Getting to Zero

Inspired by the UNAIDS vision of Getting to Zero—a bold strategic plan announced in 2010 to achieve zero HIV infections, zero AIDS deaths and zero HIV/AIDS stigma—leaders at UCSF and around San Francisco began to ask the question, What would it take to make San Francisco the first city in the world to see an end to HIV/AIDS? Given recent breakthroughs in HIV prevention and treatment, we now had the tools to bring the epidemic under control. What we needed was a coordinated response.

Thus, on World AIDS Day 2013, Getting to Zero­–San Francisco was born. Comprising a wide diversity of stakeholders including leaders from UCSF, the San Francisco Department of Public Health, the private healthcare sector and community-based organizations as well as local government officials and community activists, the continually expanding consortium began meeting in early 2014 to draft a practical strategic plan.

Getting to Zero–SF focuses on sustaining and expanding the successful programs that are already reducing HIV/AIDS in San Francisco, with particular emphasis on three key strategies: 1) expanding the uptake of PrEP, the use of anti-HIV drugs by at-risk, HIV-negative individuals to keep from becoming infected; 2) expanding RAPID, a UCSF research protocol piloted at San Francisco General Hospital aimed at identifying HIV-positive individuals as soon as possible after testing positive and offering them antiretroviral treatment; and 3) improving retention in care for those who are HIV-positive.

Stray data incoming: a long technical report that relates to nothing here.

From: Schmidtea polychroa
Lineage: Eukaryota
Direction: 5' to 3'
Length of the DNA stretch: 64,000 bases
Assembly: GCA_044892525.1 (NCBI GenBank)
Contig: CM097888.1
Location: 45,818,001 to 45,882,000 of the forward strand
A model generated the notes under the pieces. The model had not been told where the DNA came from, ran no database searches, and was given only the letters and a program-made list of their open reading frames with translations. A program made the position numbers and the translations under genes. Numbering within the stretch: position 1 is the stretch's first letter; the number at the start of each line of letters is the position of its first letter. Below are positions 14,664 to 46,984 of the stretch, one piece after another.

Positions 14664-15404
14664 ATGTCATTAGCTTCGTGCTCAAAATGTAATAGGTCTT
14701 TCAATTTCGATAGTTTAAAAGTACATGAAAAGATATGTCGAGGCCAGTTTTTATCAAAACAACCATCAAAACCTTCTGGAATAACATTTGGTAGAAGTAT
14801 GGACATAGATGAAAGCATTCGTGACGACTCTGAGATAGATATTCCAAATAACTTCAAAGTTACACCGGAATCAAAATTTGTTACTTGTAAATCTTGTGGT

Together, these strategies (and others, which continue to be added), along with the efforts of the Getting to Zero Stigma Committee, form important first steps toward addressing the consortium’s overarching vision to stop the damage caused by HIV/AIDS in the city. Specifically, Getting to Zero–SF aims to reduce both HIV infections and AIDS deaths in San Francisco by 90% from their current levels by 2020. It is a bold goal, but one that Getting to Zero leaders feel is achievable. If it can be done anywhere, the feeling seems to be, it can be done in San Francisco.

Visit Getting to Zero–SF to get involved or read the latest news.